We thought we could change nature by force of will, so we ruined a region’s agriculture
In 1936, Trofim Lysenko presented the bizarre theory of Lysenkoism to the Conference of the Lenin Academy in Moscow. The idea completely undermined all the previous work done by geneticist Nikolai Vavilov (who promoted things like crop diversity and breeding crops by selecting desirable traits). Lysenko offered up the completely nutty theory that any crop could be made to be made to thrive in any environment just by exposing it to that environment over successive generations, and the Soviets loved it. It was what they were trying to do to their citizens, after all, and even as Vavilov’s absolutely correct theory was pushed aside (and he starved to death in a Soviet prison), Lysenkoism became the agricultural system of choice.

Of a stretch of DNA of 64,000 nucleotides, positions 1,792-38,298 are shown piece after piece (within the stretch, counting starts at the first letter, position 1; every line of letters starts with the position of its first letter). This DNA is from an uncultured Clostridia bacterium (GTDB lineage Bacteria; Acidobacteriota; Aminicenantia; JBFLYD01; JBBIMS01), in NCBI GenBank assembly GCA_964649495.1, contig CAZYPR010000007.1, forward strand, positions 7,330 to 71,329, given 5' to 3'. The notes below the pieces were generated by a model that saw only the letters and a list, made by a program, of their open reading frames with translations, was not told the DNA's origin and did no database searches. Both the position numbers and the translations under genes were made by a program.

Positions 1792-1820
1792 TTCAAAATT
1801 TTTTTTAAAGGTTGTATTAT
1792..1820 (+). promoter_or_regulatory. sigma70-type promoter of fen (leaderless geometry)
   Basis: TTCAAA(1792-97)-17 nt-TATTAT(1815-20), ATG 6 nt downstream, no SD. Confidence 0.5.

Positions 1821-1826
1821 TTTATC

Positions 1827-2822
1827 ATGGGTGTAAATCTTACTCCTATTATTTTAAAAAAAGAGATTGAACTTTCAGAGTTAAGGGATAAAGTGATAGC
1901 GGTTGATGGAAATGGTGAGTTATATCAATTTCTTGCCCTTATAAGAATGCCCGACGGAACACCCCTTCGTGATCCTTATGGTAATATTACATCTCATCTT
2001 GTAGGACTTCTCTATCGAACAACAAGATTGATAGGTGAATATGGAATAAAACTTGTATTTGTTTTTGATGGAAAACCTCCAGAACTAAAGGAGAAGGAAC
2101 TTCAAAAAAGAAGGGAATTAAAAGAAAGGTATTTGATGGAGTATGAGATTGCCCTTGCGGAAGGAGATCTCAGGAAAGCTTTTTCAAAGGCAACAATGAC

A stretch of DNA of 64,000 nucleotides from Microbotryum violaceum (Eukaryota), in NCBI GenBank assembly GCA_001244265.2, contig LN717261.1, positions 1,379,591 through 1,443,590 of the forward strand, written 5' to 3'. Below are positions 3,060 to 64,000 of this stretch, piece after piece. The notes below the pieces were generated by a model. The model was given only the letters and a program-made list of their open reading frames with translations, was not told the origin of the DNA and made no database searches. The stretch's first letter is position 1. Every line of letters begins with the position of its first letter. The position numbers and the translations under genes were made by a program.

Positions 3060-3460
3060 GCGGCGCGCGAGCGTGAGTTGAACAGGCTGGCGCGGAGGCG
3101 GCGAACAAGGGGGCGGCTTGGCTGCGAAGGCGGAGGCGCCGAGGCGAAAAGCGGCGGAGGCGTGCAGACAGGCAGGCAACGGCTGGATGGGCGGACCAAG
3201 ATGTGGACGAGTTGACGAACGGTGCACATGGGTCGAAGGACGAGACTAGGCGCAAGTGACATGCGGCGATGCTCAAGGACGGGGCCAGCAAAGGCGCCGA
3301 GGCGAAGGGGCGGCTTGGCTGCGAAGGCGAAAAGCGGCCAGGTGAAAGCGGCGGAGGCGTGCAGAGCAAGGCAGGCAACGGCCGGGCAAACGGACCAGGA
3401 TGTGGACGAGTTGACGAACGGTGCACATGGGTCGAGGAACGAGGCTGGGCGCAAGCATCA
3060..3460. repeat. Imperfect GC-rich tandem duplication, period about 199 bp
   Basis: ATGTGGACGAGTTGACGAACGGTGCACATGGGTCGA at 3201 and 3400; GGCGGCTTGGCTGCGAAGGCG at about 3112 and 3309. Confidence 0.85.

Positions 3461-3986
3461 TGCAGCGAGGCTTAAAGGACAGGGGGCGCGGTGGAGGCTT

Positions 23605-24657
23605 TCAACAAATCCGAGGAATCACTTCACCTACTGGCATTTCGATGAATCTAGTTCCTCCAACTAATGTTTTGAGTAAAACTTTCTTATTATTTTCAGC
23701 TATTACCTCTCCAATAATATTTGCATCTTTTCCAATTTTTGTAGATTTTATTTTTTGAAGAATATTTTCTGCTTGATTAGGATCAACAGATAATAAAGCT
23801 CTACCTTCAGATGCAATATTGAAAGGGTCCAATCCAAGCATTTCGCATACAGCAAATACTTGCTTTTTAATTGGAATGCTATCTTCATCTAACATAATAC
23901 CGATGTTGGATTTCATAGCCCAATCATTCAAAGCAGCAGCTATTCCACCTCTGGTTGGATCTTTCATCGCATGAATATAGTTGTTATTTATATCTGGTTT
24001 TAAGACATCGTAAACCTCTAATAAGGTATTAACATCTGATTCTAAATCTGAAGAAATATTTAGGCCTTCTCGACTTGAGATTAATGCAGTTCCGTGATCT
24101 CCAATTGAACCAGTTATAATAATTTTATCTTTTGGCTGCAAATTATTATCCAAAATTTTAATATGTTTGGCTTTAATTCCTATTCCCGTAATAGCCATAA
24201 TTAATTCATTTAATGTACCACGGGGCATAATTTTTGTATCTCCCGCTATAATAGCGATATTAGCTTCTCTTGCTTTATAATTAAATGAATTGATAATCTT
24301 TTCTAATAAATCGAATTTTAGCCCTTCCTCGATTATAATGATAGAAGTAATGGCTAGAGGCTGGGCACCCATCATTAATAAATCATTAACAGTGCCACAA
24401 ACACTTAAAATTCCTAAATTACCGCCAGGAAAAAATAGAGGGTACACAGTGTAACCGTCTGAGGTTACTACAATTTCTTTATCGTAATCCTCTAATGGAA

The Conversation says that lasted into the 1960s, giving it plenty of time to do some serious damage. Soviet farmers were taught one plant would sacrifice itself for the good of its neighbors, that they chose their reproductive partners, and they’d get used to those cold Russian winters.
They didn’t. According to the Smithsonian, it pretty much ended the advancement of Soviet agriculture and biology, kicked off a series of food shortages, famines, and crop failures, and left actual scientists imprisoned, dead, or simply gone. Lysenko essentially told Soviet leaders what they wanted to hear and stopped science for decades.